Lately I’ve had a lot of cravings for Chinese food. I miss going to my favorite places and getting takeout. I miss the cartons (and what’s happened to those lately? Too many plastic tupperware containers. That SO takes away from the Chinese food experience), the chopsticks, the fotune cookies. I even miss the dozen packets of duck sauce and soy sauce that I never, ever use.
The only thing I don’t miss is having to explain my Vegan and other dietary requirements. “It can’t have any meat or chicken or fish or egg.” “Is that made in chicken stock or fish stock?” “Are the vegetable spring rolls deep-fried in the same oil as the chicken wings?” “No MSG.” It can be exhausting if I’m not at a restaurant that already knows me.
So I’ve been making my own Chinese food: stir-fries, sesame noodles and my recently posted Kung Pao Tofu. When I make my own, I get to control the amount of sodium, sugar and whatever else is going into my food. Mais, I get to make it gluten-free.
The most fun part is getting to make up my own combinations of ingredients. So often I would peruse a menu only to wish I could swap the veggies from 2 different dishes with the sauce of a third. But in my kitchen, I can have whatever combinations I want or just clean out the fridge and use up the veggies that are nearing the end of their shelf-life. Once you know the method, the combinations are endless: rice or noodles, green beans or broccoli, edamame or tofu, maybe peanuts.
This time I decided to make lo mein. I used the veggies I had in the fridge: cogumelos, pimentão, cebolinha, baby bok choy and asparagus. I topped it with peanuts and it tasted creamy and delicious. Now I just have to buy some Chinese cartons and chopsticks so I can have the full experience. But I’ll skip the dozen packets of duck sauce and soy sauce 🙂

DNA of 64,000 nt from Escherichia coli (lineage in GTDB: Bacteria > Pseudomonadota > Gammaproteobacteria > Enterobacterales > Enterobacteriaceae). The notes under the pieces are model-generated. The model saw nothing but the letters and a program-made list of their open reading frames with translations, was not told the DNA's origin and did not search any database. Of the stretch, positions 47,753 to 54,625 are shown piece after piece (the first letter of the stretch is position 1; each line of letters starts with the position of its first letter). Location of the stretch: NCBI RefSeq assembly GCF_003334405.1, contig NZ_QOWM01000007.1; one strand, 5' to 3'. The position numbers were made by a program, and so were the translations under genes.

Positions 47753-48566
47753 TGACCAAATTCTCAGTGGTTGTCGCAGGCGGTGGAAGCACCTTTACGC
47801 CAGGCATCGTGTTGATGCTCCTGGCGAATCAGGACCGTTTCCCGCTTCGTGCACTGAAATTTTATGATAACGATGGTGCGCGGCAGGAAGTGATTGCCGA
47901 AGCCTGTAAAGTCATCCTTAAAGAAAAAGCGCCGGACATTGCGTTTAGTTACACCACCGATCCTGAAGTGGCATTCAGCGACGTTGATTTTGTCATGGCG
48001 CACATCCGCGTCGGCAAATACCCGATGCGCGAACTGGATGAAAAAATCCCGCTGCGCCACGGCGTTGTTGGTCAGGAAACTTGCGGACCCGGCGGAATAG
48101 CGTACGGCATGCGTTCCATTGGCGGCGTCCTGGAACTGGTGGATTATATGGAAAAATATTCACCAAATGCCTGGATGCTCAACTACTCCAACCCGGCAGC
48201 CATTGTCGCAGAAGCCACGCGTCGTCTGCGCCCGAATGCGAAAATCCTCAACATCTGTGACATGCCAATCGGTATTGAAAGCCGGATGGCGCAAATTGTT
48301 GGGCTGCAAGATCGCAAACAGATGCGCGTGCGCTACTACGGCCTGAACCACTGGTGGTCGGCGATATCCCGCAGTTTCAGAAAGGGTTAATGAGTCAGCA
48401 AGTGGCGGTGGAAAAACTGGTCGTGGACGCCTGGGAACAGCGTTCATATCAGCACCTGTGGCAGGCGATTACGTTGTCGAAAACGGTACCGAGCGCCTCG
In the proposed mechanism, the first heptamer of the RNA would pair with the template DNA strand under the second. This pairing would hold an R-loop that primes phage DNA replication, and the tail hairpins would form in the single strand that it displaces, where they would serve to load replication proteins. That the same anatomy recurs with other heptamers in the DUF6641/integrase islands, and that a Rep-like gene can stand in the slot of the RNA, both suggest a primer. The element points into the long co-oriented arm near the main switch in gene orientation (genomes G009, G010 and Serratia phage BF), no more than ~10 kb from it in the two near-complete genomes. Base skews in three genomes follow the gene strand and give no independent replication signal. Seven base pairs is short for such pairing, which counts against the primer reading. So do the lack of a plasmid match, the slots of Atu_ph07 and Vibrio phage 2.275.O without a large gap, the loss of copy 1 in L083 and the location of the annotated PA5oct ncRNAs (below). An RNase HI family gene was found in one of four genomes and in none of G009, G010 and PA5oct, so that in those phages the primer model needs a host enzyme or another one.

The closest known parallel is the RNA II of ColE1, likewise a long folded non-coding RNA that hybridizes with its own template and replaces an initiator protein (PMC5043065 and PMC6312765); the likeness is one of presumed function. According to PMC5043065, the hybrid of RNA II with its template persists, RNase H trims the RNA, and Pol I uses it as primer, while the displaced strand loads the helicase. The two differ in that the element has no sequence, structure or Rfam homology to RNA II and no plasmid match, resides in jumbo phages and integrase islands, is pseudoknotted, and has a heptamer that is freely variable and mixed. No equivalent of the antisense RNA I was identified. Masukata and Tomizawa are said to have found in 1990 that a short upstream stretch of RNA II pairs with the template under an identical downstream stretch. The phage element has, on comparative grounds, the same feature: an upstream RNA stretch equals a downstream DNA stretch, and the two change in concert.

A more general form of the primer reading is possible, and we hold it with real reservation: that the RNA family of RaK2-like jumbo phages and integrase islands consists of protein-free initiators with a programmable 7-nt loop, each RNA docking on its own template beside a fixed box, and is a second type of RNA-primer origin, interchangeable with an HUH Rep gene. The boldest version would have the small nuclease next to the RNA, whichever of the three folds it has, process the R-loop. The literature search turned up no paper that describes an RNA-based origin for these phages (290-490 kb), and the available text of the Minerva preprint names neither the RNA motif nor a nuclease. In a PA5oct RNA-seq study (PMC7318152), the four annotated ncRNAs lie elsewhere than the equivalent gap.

Para o molho:
1/4 xícara de caldo de legumes
1/4 tamari sem glúten copo
2 TSP. marrom vinagre de arroz
2 TSP. óleo de gergelim torrado
1 TSP. esmagados flocos de pimenta vermelha
1 Tbs. néctar de agave
For the lo mein:
1 lb. macarrão de arroz marrom
1 Tbs. peanut or safflower oil
1 Tbs. gengibre fresco, picado
4 dentes de alho, picado
3 cebolinha, cortar 1 polegadas peças
1 Tbs. gluten-free tamari for seasoning
1 bando espargos, cortar 1 polegadas peças
1 pimentão vermelho, cortar 1 polegadas peças
3 bok choy bebê, trimmed and cut into 1 polegadas peças
10 oz. cogumelos, fatiado
2 TSP. corn starch
toasted peanuts for garnish
Encha uma panela grande com água a ferver para o macarrão. Nota: você está indo para reservar um pouco da água de cozimento para o molho mais tarde.
Misture os ingredientes para o molho juntos em uma caneca ou tigela. Pôr de lado. Chop all the vegetables first so they will all be ready to just throw in the pot. I cut everything into long strips including the bok choy. I put the leaves of the bok choy aside.
Quando a água estiver a ferver, add salt to the pot and put the noodles in. Mexa-los. Se você estiver usando macarrão sem glúten, eles demoram mais para cozinhar, sobre 15 minutos, ou então. When they are 3/4 do caminho feito, iniciar nos vegetais. Você não quer para cozinhá-los muito cedo ou então eles vão perder a sua cor e crise. Put the peanuts in a small, dry skillet and cook until they smell peanuty. Não os deixe queimar. Set them aside when ready.
In a deep skillet or wok, aqueça o óleo até que brilha. Adicione o alho e gengibre. Não os deixe queimar. Have the next ingredient ready. Add the scallions and a drop of tamari. Adding a drop of tamari or soy sauce after each ingredient helps develop the flavors. Add the asparagus, then the bell pepper, then the mushrooms and the bok choy stems. Misture bem.
Using a mug, take some of the cooking water from the pasta pot and add it slowly to the veggie mix. Adicionar 2 TSP. of corn starch to thicken and glaze the sauce. Quando o macarrão al dente são, drená-los e adicioná-los aos vegetais. Mix the noodles well with the vegetables. Add the reserved bok choy leaves, the sauce you prepared earlier and mix well. Desligue o fogo. Garnish with the peanuts and serve.